Unpacking Alphabet’s Q1 2022 earnings (but mostly: YouTube)

Alphabet reported its Q1 2022 earnings yesterday: its results were mostly mediocre, with the only meaningful bright spot being above-expected revenue in the Google Cloud business unit. The company missed expectations for top-line revenue at $68.01BN (vs. $68.2BN expected) and EPS at $24.62 (vs. $25.65 expected). Year-over-year revenue growth was 23%, versus 34% from Q1 2021. Although as Ruth Porat, Alphabet’s CFO, mentioned several times in the call, Q1 2021 is a difficult comparison given that Q1 2020 represented the height of COVID weakness.

One particularly dim area of growth in Q1 was YouTube: advertising revenues for the service grew by just 16% year-over-year, which was described on the call as, “reflecting ongoing strong growth in brand and more modest growth in direct response.” By way of comparison: YouTube revenues increased by 25% year-over-year in Q4 2021 and by 49% year-over-year in Q1 2021, again attributable to weak performance at the height of COVID.

Ruth Porat placed the culpability of soft YouTube growth for the quarter on three factors:

The unfavorable comparison against the flaming-tire-tracks of Q1 2021 growth is understandable. The invocation of the war in Ukraine is less so, simply because Ruth Porat noted specifically that the war catalyzed a “related reduction in spend primarily by brand advertisers in Europe,” which wouldn’t explain enervation in direct response advertising spend.

So what about ATT?

Back in 2020, on Twitter, I hypothesized that YouTube’s direct response revenue was equally susceptible to the data deprivation of ATT as Facebook, simply because Google’s mobile app install product, UAC, functions with the same hub-and-spoke optimization model. One difference, though, is that YouTube could claim a disproportionate number of view-through attributions relative to other networks given the format of YouTube ads (all video) and the user engagement model. Since UAC is a so-called “self-attributing network,” it could claim any conversions following a (sufficiently long) ad view as being resultant from that view (without a corresponding click). Google could charge for these conversions even if other networks generated ad clicks that were given credit for that install by an MMP.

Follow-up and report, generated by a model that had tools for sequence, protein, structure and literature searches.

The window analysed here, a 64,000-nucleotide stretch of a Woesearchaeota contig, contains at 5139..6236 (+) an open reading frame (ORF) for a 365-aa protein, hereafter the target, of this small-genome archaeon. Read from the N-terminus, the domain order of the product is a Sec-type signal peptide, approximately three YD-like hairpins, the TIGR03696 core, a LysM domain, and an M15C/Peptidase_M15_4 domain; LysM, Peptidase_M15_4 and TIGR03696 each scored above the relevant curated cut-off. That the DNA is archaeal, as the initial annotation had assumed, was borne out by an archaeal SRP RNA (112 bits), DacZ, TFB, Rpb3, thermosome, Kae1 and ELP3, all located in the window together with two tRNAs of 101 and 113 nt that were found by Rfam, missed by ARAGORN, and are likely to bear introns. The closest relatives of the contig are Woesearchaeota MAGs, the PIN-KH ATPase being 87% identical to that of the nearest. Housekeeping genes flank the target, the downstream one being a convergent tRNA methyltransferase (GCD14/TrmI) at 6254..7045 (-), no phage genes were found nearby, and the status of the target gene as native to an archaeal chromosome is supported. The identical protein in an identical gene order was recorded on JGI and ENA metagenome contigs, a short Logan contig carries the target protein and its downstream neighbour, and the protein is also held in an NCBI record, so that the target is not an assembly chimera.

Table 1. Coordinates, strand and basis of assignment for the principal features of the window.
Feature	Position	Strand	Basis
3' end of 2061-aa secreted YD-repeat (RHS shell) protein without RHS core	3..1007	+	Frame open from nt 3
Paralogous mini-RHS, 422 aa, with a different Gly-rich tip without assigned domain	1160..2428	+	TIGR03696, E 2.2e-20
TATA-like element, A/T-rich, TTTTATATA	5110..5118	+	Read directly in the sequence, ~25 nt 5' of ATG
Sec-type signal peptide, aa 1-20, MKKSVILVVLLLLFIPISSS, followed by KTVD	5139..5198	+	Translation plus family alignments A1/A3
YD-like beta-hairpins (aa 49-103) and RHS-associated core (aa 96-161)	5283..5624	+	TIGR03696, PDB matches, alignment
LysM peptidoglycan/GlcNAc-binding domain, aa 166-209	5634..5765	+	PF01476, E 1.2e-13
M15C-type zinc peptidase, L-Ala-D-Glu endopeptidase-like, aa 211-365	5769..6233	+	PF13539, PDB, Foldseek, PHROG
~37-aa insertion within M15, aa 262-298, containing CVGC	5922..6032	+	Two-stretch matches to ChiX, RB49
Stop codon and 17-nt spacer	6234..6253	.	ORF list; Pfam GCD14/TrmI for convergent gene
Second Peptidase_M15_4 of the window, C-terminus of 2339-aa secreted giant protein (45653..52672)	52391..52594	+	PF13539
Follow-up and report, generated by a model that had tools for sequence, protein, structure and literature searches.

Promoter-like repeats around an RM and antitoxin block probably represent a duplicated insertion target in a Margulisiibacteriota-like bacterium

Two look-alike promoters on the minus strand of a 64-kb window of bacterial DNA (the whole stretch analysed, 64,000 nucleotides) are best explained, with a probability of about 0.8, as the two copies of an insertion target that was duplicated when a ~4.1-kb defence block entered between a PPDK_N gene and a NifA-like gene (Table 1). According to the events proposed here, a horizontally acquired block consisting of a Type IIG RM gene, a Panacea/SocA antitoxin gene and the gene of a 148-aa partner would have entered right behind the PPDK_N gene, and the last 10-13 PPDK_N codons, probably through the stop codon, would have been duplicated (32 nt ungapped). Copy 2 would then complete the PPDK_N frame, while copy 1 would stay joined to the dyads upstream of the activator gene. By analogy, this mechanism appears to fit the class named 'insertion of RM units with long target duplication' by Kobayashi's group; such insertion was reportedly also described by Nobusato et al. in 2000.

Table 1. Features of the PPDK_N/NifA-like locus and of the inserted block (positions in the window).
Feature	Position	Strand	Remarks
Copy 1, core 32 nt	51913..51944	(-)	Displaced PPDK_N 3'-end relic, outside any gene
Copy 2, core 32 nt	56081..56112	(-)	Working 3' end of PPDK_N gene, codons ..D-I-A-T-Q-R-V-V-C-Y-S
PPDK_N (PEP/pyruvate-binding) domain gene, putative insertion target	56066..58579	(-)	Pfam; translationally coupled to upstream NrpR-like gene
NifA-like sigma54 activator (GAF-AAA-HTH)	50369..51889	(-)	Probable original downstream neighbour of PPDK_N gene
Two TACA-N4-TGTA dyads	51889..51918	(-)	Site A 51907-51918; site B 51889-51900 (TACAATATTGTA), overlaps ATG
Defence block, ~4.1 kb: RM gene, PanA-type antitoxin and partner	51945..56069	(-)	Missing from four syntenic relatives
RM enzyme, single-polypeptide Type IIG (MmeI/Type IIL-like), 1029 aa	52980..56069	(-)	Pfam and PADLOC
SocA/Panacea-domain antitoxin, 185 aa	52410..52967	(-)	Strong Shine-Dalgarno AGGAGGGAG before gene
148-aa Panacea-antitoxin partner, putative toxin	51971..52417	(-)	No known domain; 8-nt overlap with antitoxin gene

In terms of total revenue impact, Google overall was less susceptible than Facebook to the frictions of ATT because its core business, search, is for the most part exempted from it. Further, brand advertising revenue is immune from ATT, and the proportion of brand spend on YouTube is generally considered to be higher than on Facebook. But ATT creates friction for YouTube’s direct response revenues for two reasons:

  • SKAdNetwork doesn’t allow for the kinds of conversion-claim collisions that existed prior to ATT, with SANs claiming conversions where subsequent clicks were attributed to other channels. SKAdNetwork issues one postback per install, covering all networks, attributed on a last-click (or last-view, as SKAdNetwork began supporting view-through attribution in version 3.0) basis. For this reason, the number of conversions claimed by YouTube — via its own attribution prior to ATT but through SKAdNetwork now — would necessarily decrease. It should be noted here, though, that Google’s reported conversions to app advertisers are modeled;
  • ATT generally degraded advertising performance and forced advertisers to scale down ad spend, as I have described and bemoaned on this blog since June 2020.

So YouTube is not invulnerable to the challenges of ATT. And as this quarter proved, direct response advertising spend is sensitive to policy changes like ATT, even for the largest and most ubiquitous channels.

Photo by Mitchell Luo on Unsplash